Why You Should Buy This Bank Amid Negative Sector Outlook

Lennox is a member of The Motley Fool Blog Network -- entries represent the personal opinion of the blogger and are not formally edited.

On the face of it, JPMorgan Chase (NYSE: JPM) is a risky investment. Not only is it trading intimately close to its 52-week high of $55.90, but it is also on the center stage of a possible industry-wide pullback. Incertitude has shrouded the banking sector following the Fed’s announcement on impending cutbacks to economic aid. A 2011 audit of the Federal Reserve reveals that economic aid, which was instituted post-2008 to correct the negative implications of the financial crisis, totaled $16 trillion at the time. As of now, this figure is set to have increased and Fed Chairman Ben Bernanke believes that it’s high time the government pulled out and let the economy run itself.

If the Fed-driven fears hold, an investor exodus will most definitely hit the banking sector. Does this mean that you should join the crowd? No it doesn’t. If you embrace a long-term buy-and-hold strategy, this is the time to establish a position in, or add more of JPMorgan to your portfolio. Despite trading close to its 52-week high, JPMorgan’s prospects in little-discussed areas suggest that it could soon break its banks and venture into an entirely new share price territory.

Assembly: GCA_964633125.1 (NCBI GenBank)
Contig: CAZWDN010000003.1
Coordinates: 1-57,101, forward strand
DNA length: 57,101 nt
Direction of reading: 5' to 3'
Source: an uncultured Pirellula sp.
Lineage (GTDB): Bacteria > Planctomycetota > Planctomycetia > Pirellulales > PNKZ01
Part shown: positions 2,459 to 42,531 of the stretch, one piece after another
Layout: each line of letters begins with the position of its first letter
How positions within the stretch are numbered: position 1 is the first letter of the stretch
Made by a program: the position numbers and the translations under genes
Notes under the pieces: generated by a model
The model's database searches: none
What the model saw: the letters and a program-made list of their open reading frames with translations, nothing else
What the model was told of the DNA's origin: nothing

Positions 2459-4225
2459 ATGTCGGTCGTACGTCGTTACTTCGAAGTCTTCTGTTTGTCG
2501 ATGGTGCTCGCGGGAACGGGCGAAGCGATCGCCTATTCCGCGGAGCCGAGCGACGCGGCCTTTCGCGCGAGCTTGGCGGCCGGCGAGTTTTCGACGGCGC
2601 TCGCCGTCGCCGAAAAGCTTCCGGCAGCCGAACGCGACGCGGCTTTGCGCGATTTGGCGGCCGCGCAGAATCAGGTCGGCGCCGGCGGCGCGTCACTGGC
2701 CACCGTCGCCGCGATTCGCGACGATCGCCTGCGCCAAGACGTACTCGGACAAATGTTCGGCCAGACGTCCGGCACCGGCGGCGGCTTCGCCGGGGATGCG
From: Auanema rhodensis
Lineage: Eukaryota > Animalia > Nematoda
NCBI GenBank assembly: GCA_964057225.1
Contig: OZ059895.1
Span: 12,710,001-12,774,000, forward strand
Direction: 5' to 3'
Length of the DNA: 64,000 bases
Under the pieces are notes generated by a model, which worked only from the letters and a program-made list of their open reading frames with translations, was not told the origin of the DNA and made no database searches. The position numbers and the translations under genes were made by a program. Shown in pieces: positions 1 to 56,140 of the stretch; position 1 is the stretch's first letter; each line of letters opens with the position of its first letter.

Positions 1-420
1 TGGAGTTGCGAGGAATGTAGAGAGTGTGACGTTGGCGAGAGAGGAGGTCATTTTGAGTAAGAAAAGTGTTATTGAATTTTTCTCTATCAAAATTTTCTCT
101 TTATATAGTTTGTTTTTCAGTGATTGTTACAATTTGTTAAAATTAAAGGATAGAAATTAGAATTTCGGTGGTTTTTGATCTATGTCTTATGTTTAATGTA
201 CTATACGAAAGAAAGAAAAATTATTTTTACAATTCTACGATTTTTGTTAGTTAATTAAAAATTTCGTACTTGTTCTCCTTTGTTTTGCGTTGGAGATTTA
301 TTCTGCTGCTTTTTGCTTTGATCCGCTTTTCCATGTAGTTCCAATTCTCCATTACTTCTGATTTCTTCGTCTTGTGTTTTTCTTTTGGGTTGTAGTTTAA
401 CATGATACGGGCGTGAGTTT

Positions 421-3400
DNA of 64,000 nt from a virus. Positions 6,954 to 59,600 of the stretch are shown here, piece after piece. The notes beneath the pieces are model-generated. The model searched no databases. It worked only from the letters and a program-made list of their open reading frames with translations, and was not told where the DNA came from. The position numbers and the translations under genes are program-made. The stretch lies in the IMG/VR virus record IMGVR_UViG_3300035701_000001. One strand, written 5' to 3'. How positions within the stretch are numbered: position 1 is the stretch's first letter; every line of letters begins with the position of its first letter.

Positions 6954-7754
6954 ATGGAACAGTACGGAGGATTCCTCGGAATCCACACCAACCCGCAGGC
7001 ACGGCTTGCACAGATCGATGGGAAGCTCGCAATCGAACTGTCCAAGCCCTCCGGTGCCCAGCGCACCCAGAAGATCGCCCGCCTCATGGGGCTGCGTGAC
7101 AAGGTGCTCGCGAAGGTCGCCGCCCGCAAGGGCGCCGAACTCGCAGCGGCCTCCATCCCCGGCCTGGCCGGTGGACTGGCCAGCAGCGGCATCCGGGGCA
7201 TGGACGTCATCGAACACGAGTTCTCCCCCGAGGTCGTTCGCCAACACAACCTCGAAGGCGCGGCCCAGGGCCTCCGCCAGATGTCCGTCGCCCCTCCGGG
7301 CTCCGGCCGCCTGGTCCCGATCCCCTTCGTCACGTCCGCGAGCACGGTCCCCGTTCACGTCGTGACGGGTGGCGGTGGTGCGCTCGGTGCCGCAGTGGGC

Housing rebound presents alternative growth path

Behind the doomsday headlines surrounding the banking sector, interesting developments are happening. While it’s not news that the housing sector is rebounding, a good number of people seem to be oblivious to the rate at which it is rebounding and, further still, the implications that this uptrend will have on banks.

The National Association of Realtors offers that existing home sales in May hit highs not seen since 2009, increasing 12.9% year-on-year. This remarkable improvement was also accompanied by overall improvement in other key metrics in the housing sector.

The banking sector has gained immensely from the ripple effect of the housing rebound. JPMorgan’s competitor Bank of America (NYSE: BAC), which is incidentally trying to regain its market share in the mortgage market, underwrote $24 billion in home loans for the first three months of the year. This, however, waned in comparison to JPMorgan, which originated $53 billion in mortgages during the same period.

As far as the housing rebound goes, Bank of America is creating a prime leeway for its competitors. The bank has been pulled into a loan modification lawsuit. The lawsuit involves the bank’s former employees and a group of homeowners who allege that their requests for loan modifications under the Federal Home Affordable Modification Program were turned down, for the most part fraudulently. The testimonies under the case are outrageous. Former bank employees offer that they were under orders from above to lie through their teeth to unsuspecting clients.

While Citigroup (NYSE: C) and JPMorgan were found to have failed on at least 12 benchmarks instituted to assess banks’ progress on settlements, they accepted their mistakes and vowed to make amends. Bank of America, however, remains mum--even in the face of the ongoing legal brawl. While this may have a negative effect on Bank of America’s public image, it is on the flipside a key opportunity for JPMorgan to gnaw into Bank of America’s mortgage market; especially now that the housing sector is rebounding.

China sneezes, Africa catches a cold, America rushes in just in time